A conservative estimate is that the EU accounts for at least 50% of a country’s laws. The true figure is likely far higher but we’ll stick with committed Europhile Nick Clegg’s figure for the sake of argument. 50% is still 50% too much. If this Commission were elected by the people of Europe then there would be at least a thin veneer of democracy – but they are not. They are appointed without the requirement for them ever to have been elected for anything in their lives. Baroness Cathy Ashton is a prime example. Shoehorned in to the House of Lords to rush through the Lisbon Treaty, she was then appointed to the Commission to become head of foreign policy. She was for a period a few years back the highest paid female politician in the world. And I would argue she isn’t doing a very good job either, as we head stupidly into a clumsy, and I fear inevitable conflict with Russia. I digress.scotland-europe-1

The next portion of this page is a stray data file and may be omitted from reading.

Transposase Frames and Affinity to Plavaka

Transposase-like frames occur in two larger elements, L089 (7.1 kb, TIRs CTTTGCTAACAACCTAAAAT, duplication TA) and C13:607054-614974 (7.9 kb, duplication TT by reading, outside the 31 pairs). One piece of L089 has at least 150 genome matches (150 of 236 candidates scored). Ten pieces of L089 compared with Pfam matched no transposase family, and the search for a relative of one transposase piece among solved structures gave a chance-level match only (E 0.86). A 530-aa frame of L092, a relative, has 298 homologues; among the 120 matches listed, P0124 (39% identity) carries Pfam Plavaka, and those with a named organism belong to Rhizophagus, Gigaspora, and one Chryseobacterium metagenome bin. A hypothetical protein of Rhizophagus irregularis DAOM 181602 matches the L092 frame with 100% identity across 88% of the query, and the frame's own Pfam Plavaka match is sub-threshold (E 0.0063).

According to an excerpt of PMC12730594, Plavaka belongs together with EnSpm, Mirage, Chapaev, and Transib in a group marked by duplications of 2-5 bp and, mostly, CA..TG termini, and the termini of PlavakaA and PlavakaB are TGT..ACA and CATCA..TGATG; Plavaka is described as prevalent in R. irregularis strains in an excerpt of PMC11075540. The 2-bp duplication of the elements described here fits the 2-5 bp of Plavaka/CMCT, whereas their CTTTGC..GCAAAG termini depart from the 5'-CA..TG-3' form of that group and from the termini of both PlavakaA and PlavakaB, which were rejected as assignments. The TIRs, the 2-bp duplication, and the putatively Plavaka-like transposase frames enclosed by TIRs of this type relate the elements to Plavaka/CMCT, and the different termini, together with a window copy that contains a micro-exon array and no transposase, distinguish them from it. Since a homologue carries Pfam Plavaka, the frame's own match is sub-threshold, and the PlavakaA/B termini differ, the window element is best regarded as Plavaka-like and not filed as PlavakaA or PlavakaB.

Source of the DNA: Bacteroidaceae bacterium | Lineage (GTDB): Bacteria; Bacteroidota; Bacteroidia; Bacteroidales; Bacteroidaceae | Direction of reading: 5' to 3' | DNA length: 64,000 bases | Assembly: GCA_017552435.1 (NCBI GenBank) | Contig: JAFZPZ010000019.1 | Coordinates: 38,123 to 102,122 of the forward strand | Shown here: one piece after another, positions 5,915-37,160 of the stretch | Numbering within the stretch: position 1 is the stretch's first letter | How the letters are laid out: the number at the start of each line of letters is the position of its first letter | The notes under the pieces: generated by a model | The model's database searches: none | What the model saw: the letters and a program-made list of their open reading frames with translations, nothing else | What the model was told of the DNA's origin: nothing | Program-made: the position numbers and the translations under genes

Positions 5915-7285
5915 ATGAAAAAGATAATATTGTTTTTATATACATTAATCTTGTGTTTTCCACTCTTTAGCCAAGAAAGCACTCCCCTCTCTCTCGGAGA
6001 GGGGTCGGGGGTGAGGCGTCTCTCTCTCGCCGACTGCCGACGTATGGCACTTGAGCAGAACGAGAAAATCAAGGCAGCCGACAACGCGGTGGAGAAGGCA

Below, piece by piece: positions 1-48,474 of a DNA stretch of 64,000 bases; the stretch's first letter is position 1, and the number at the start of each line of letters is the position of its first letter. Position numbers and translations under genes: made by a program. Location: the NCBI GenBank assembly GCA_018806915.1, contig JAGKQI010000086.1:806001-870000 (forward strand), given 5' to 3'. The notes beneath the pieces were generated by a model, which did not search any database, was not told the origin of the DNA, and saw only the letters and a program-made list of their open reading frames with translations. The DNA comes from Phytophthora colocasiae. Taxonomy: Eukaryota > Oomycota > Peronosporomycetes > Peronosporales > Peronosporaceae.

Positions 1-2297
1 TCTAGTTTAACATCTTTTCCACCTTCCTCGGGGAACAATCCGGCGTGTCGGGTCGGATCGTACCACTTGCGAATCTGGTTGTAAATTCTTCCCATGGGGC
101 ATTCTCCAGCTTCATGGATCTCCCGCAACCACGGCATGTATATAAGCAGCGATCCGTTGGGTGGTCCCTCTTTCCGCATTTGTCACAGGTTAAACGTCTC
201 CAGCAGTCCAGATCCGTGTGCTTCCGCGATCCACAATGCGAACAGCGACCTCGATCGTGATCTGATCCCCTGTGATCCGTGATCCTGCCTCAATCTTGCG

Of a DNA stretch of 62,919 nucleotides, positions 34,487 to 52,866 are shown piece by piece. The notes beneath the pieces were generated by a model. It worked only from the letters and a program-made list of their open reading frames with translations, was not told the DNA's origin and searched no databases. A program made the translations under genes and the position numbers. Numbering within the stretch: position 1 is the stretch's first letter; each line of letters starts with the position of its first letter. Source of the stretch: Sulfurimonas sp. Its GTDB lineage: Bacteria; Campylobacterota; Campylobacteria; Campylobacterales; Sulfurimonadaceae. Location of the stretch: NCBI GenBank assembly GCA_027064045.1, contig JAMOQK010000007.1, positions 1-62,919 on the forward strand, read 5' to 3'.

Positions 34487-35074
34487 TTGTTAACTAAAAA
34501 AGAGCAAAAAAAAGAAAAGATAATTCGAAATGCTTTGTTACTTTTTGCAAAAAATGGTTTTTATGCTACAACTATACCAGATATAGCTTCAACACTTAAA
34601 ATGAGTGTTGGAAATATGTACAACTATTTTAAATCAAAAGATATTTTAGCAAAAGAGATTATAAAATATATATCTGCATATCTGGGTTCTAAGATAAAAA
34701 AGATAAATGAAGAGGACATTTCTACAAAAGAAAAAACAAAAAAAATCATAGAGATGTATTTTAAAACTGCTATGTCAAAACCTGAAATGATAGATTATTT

The fact is, the European Commission that accounts for a high percentage of a country’s laws has not been elected by anybody. One could argue that the European Union is less democratic than North Korea. At least they get to vote on who is in charge, despite there only being one name on the ballot, and that Kim Il-Sung who remains President until this day, has been dead for over 20 years.